Nutrition involves a series of processes whereby an animal uses items in its external environment to support internal metabolism (Robbins, 1993). The nutrition and consequent nutritional status of an animal are basic to all aspects of health, including growth, reproduction and disease resistance. Thus, appropriate nutrition and feeding are essential to a comprehensive animal management and preventative medicine programme.

The giant panda's obligate dependence upon bamboo as a primary energy and nutrient source has been well described (Sheldon, 1937; Schaller et al., 1985). Many aspects of panda biology are directly related to its adaptations for utilisation of this highly fibrous, low energy density food, thus demonstrating the inseparable influence of nutrition on behaviour, reproduction and other physiological functions. There may be few other species that more effectively illustrate how an understanding of nutritional adaptations helps us interpret the species ecology.

This chapter describes insights into the nutritional adaptations of the giant panda while identifying priority research that will fill gaps in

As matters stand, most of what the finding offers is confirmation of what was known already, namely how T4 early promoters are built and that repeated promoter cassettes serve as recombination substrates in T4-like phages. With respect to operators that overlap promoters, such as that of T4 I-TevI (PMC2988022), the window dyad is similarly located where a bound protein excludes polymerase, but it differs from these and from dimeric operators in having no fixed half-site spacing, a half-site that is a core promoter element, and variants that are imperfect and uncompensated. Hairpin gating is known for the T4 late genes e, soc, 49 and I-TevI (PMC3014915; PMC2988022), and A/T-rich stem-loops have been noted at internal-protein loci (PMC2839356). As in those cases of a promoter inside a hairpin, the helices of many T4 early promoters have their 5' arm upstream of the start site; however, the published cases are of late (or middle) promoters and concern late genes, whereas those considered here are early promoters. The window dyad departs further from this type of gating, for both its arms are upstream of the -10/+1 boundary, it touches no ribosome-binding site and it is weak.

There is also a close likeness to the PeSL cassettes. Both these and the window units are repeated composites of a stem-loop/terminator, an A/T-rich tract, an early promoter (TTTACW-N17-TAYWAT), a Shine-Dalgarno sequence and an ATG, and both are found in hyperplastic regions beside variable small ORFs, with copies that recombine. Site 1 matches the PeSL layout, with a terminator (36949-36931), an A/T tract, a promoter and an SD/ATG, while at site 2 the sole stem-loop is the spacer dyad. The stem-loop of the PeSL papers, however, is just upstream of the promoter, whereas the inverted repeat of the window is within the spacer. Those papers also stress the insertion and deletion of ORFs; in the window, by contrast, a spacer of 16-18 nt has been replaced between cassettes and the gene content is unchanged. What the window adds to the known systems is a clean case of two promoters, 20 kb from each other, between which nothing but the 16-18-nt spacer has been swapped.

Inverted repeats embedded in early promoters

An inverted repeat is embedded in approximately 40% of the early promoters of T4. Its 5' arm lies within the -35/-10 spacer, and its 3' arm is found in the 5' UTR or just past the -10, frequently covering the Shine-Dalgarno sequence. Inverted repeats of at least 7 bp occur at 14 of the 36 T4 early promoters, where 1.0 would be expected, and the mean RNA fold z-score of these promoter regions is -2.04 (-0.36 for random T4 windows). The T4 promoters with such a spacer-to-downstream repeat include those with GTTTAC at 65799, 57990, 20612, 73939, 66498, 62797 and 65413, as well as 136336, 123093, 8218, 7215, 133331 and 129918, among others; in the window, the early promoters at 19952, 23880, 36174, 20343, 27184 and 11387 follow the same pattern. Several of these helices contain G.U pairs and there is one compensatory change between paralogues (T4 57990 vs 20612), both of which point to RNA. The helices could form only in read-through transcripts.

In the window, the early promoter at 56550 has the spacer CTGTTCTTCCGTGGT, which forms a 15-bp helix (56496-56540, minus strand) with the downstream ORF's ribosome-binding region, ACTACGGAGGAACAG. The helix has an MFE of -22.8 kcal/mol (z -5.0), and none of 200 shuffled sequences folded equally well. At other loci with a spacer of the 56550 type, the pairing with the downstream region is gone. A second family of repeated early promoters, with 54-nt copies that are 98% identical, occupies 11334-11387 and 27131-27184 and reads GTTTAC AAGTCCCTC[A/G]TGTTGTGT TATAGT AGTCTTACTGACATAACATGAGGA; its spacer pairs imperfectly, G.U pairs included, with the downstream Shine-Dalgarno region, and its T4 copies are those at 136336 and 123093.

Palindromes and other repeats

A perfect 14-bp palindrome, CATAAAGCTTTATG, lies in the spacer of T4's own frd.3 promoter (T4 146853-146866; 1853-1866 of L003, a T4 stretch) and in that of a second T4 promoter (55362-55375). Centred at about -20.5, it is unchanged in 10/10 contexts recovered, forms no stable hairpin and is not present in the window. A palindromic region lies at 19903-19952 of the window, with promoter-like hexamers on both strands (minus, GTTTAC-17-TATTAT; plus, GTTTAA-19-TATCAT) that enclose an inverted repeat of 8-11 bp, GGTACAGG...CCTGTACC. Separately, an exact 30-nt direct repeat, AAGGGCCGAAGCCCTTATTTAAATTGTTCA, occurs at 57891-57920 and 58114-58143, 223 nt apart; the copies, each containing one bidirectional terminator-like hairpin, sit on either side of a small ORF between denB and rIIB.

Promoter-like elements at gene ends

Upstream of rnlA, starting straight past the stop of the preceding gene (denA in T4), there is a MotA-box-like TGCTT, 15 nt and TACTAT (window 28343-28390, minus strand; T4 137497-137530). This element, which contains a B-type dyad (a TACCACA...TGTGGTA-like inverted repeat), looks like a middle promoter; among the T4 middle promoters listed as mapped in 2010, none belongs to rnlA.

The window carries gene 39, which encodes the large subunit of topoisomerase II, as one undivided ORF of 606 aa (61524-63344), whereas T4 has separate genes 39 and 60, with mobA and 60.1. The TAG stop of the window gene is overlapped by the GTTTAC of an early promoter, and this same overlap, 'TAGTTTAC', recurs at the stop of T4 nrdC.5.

Giant Pandas: Biology, Veterinary Medicine and Management, ed. David E. Wildt, Anju Zhang, Hemin Zhang, Donald L. Janssen and Susie Ellis. Published by Cambridge University Press. # Cambridge University Press 2006.

our understanding of these unique abilities. Historical and current strategies on feeding giant pandas in captivity are presented along with recommendations for improving nutrition and dietary husbandry to promote health and feeding behaviours.


Feeding ecology and anatomical adaptations to a herbivorous diet

More than 99% of the food consumed by the free-ranging giant panda consists of bamboo (Schaller et al., 1985). Yet the giant panda is unique in that it has the relatively simple gastrointestinal tract of a carnivore. More specifically, it lacks the modifications found in most herbivores that promote increased digesta retention to facilitate microbial fermentation of ingested plant materials (Schaller et al., 1985).

Anatomically, the giant panda exhibits several specialised adaptations for processing and utilising bamboo. Perhaps the most familiar is the panda's enlarged and elongated radial sesamoid bone, attached to the first metacarpal bone (Fig. 6.1) (Davis, 1964; Endo et al., 1996, 1999). Using three-dimensional computed tomography, this adaptation can be visualised as a double pincer-like apparatus between the radial sesam-oid and accessory carpal bones, allowing the panda to grasp and manipulate bamboo culm with remarkable dexterity, as though it had a thumb (Endo et al., 2001).